Liked by 1 person

  2. You have read Peter Dickson’s (it might be’s downstairs and I’m not) classic Flight of Dragons? Wherein he takes all that legend says about dragons and tries to make it work for Earth?

    Liked by 1 person

    1. *Twitch* Reading the wiki about that is horrible. About as bad as the book that tried explaining dragons as methane-filled balloons… I like my fantasy and SF to be self-consistent, and I like trying to figure out real-world explanations for it, but the most popular “a scientist tries to explain it rationally” books always seem to be the most horribly flawed. (whether simple problems like only looking at one factor at a time, as with the methane-balloon dragons. “ok, so methane is lighter than air. It’s not enough lighter, tho, to lift the dragon without the dragon being literally a balloon, with skin so thin it pops under the stress of movement, and no weight-allowance left over for any sort of internal organs”, to simply getting stuff blatantly wrong and pretending it’s not wrong, to the type where what they’re explaining is “in name only”, because they’ve got their own pet monster/whatever that they want to give a common name to despite it being completely unlike what everyone else uses that name for)

      And this is ignoring the linguistic and definitional silliness. The Scientific Method is a _method_ of studying reality (with its own limitations and advantages), not a “thing” in itself. Anything that has consistently repeatable results can, by definition, have the Scientific Method applied to examining it. Including all “magic” that is more than “stuff randomly happens with no rhyme or reason”. So any attempt to “rationally” explain stuff that includes “science/logic is mutually incompatible with magic” is horribly wrong in its basic definitions, and unlikely to be any better in its actual application.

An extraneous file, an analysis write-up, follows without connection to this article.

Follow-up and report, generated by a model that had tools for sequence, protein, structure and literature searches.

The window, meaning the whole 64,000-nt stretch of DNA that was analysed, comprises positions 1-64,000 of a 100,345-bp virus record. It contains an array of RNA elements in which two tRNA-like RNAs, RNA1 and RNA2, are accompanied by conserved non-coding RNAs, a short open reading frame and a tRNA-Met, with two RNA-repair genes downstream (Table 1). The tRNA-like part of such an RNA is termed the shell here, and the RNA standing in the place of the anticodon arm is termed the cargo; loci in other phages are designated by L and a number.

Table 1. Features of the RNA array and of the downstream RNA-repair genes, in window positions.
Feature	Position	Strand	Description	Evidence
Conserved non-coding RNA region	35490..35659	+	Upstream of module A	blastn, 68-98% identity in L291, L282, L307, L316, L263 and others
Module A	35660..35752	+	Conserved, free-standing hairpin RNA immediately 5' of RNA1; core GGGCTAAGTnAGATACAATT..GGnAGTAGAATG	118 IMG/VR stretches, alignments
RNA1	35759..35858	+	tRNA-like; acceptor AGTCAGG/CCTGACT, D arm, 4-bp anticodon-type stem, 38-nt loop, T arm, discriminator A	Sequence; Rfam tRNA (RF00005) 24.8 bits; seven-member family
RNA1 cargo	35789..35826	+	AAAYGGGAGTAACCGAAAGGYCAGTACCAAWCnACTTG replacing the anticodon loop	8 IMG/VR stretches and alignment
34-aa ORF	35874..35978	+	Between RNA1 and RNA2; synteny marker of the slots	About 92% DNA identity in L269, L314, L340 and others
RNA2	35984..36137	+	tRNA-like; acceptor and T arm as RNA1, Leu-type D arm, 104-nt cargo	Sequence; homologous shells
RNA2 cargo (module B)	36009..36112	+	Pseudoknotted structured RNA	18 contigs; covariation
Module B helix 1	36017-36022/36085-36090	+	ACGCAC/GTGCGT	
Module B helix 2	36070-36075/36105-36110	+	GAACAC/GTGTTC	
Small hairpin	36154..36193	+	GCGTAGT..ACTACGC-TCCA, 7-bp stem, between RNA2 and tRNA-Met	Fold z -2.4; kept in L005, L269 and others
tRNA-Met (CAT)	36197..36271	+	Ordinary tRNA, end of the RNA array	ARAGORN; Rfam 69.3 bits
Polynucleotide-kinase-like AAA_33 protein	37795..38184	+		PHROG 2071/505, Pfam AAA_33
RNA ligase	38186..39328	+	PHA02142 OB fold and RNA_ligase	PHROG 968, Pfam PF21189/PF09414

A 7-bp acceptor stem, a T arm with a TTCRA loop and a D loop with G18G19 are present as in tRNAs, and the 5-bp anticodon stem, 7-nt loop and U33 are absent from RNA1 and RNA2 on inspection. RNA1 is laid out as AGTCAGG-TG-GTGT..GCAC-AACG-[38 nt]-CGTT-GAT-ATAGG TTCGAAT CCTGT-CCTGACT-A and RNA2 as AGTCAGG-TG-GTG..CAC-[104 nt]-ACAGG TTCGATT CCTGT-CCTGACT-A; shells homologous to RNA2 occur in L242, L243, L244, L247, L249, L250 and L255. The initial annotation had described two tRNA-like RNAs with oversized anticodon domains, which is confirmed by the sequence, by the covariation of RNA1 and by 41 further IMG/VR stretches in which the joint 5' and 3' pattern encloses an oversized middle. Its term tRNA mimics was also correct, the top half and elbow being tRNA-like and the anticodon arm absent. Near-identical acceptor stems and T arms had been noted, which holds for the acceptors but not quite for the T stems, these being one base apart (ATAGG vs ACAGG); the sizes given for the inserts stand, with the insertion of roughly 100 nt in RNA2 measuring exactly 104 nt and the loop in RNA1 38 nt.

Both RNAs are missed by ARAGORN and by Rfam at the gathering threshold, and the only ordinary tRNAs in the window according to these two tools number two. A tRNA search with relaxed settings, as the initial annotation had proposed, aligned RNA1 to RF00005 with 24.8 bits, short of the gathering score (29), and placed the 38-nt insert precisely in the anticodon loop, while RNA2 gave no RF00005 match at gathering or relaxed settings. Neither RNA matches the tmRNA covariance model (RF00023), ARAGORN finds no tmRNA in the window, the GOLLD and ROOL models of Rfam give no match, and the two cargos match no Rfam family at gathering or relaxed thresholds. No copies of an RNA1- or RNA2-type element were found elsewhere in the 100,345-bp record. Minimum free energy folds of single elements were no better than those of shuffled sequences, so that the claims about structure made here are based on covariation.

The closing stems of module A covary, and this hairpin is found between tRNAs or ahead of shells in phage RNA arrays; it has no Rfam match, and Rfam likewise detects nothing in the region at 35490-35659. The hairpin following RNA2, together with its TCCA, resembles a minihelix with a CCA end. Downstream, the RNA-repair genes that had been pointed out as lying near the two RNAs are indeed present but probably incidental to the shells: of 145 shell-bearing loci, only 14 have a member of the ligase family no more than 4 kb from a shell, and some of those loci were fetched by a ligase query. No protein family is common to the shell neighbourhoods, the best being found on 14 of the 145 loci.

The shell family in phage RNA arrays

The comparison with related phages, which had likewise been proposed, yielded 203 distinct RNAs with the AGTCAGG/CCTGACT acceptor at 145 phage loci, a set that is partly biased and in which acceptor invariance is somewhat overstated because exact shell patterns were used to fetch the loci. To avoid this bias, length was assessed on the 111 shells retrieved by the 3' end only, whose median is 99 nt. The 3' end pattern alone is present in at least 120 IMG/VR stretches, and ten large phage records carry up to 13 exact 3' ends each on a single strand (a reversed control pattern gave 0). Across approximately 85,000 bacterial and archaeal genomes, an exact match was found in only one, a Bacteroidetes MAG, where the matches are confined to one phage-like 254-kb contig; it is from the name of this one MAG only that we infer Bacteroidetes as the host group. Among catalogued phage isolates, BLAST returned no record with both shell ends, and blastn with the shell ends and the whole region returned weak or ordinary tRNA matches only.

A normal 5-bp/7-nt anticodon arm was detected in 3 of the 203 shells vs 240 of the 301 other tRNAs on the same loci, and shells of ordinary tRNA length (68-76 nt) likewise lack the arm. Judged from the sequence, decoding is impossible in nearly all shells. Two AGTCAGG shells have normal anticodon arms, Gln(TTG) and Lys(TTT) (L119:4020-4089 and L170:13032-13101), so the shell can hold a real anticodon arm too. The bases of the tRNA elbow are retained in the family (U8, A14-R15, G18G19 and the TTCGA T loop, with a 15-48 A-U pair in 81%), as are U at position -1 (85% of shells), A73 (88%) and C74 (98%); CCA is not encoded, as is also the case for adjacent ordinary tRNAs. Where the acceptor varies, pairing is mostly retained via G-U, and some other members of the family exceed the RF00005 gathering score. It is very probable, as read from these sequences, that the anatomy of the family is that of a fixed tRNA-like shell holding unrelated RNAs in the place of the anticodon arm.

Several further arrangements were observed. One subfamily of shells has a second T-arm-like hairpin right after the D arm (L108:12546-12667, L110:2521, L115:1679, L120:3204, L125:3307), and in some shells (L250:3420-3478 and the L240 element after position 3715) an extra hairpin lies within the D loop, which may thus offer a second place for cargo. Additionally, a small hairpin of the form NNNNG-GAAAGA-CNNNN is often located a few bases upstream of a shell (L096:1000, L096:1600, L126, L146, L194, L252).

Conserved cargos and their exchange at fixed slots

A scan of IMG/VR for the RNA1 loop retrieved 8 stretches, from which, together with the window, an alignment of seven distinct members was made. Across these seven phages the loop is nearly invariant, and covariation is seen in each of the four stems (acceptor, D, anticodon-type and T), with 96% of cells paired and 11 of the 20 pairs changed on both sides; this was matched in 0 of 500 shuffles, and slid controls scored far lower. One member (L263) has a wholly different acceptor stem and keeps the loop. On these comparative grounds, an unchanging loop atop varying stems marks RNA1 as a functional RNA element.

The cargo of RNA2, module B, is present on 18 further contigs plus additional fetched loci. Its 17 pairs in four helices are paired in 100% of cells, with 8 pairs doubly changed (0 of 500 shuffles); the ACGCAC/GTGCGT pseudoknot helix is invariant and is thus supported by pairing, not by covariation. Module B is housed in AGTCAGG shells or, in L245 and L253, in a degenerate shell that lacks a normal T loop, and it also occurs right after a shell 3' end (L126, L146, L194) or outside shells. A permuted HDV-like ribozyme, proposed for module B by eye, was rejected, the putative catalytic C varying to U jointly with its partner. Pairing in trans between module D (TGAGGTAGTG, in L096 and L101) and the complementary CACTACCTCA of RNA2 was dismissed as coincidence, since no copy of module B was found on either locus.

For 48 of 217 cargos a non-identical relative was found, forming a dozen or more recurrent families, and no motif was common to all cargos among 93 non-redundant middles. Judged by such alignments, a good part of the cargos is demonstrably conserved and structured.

(Sorry for ranting, but this one’s one of my pet peeves)

      Liked by 1 person

  3. One of the things I’ve noticed is that the people who actually try to study biology are usually the people who come up with the most realistic “fake” biology. Actually, that goes for any science (sci-fi writers in particular). And you’ve got pretty well thought out “fake” biology most of the time.

    Liked by 1 person

  4. James White, of “Hospital Station”, said once that he tested all his ideas for aliens on a biologist friend. Basically; “I have this neat idea for an injured unknown alien – is this plausible?”
    “Psh! That’s not even a little odd. Let me tell you about…..”

    Apparently that is why one of his aliens managed to reach escape orbit on a dead bird powered by bombardier beetles.

    Flavia (bv97045)

    Liked by 2 people

  5. Honestly, my favorite “explain dragons with science” book is History of Dragons and it’s sequels, which are more a natural history sort of book, written as an actual Victorian travelogue. Which is far more interesting then it sounds, I promise. Also, get the hardbacks to read if you can, the drawings are awesome.

    Liked by 1 person

      1. Yeah, she is rather hard to connect with for the first half, it’s specifically set up in a rather archaic style. Then again, I think it suffers from first book syndrome, I liked the second half enough when it finally got to the action. Then again, I had to suffer through much more annoying characters in my school reading.

        Liked by 1 person

  6. Trey the Explainer had a segment on dragons heavily influenced by Yi qi and a species of gliding snake. Basically, Yi qi was a real life cockatrice in his view, a wyvern would be a big Yi qi with more avian scales, a hexapodal dragon would require genetic engineering, and the Asian dragons are big gliding snakes.

    For those of you who aren’t into dinosaurs, Yi qi had the Internet saying that dragons were real.

    Liked by 1 person